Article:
As the tide retreated we could see a few people collecting cockles at the water’s edge. I pointed them out to our Italian AFS exchange student, commenting that it is generally a summertime activity. It was only 12c yesterday, not a day I wanted to step into the water even with protective rubber boots. She, however, seemed excited by the idea, so we added a few layers and headed down to Okoromai Bay. Being too cold for me, I opted to photograph from shore as they collected cockles.
What is a Cockle?
A small, edible, saltwater clam, a burrowing marine bivalve mollusc with a strong ribbed shell.
- Okoromai Bay is one of three major bays at Shakespear Park. Located at the end of Whangaparaoa Peninsula, it is about 50 km from Auckland city centre in New Zealand. It is one of only a handful of Auckland bays that still allow the collection of cockles.
- The best spot to find cockles is at the water’s edge at low tide, just below the surface. Stick your hands in the soft sand slowly, as there may also be jagged, sharp oyster shells.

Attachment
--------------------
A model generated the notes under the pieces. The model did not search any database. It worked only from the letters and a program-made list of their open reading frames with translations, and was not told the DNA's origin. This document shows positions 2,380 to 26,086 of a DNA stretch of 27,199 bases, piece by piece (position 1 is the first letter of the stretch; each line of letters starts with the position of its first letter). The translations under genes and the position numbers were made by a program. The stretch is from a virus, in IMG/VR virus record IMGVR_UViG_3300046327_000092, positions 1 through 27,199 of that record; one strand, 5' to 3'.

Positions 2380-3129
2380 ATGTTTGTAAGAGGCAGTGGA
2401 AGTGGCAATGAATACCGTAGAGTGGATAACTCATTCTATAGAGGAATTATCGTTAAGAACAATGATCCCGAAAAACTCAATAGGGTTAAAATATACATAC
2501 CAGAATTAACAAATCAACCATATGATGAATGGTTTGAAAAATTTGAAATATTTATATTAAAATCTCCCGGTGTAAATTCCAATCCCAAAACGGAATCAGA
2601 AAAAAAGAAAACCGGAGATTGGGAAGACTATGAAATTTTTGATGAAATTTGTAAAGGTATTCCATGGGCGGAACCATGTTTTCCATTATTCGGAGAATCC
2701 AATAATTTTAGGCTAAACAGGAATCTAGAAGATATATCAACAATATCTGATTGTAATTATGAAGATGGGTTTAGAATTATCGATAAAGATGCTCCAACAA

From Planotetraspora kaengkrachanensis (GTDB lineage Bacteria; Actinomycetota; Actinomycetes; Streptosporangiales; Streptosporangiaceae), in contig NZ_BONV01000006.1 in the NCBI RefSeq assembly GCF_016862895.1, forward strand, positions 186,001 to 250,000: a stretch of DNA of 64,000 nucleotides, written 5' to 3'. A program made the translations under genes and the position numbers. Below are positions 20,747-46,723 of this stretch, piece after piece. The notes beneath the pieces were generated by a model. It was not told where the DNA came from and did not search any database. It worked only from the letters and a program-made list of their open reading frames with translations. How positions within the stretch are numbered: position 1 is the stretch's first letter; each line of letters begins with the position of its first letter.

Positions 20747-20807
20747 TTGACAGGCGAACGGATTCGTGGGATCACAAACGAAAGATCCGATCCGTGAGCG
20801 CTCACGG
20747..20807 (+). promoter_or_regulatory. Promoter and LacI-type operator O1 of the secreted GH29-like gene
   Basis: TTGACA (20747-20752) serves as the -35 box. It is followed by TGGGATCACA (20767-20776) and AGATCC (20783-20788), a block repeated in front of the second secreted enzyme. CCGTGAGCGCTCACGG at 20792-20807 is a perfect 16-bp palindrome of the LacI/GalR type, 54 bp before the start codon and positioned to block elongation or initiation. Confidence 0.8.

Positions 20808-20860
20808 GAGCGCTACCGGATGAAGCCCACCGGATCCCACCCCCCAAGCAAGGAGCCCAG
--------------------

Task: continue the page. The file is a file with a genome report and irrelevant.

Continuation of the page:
- Cockles are great on the BBQ but even better boiled. Remember to rinse them well before you cook them. They open when they are ready to eat. Never eat cockles that don’t open on their own.
- As with most fishing in New Zealand, there are strict limits as to the numbers collected. At Okoromai Bay the limit is 50 cockles per gatherer per day. For our group of three that translated to a maximum of 100, as I was not gathering.
- The limits are strictly enforced, the penalties for violation are huge. According to this article in the New Zealand Herald “Anyone who is caught with three times their daily limit, we seize all fishing equipment including vehicles, boats, dive gear, etcetera.” The Ministry of Primary Industries is out patrolling often enough that most violators get caught.
- The limits are put in place to protect the shellfish stocks.
- Want more? Check out: Clams: How to Find, Catch and Cook Them.
Have you ever collected cockles or any clams? Would you try it in the winter?
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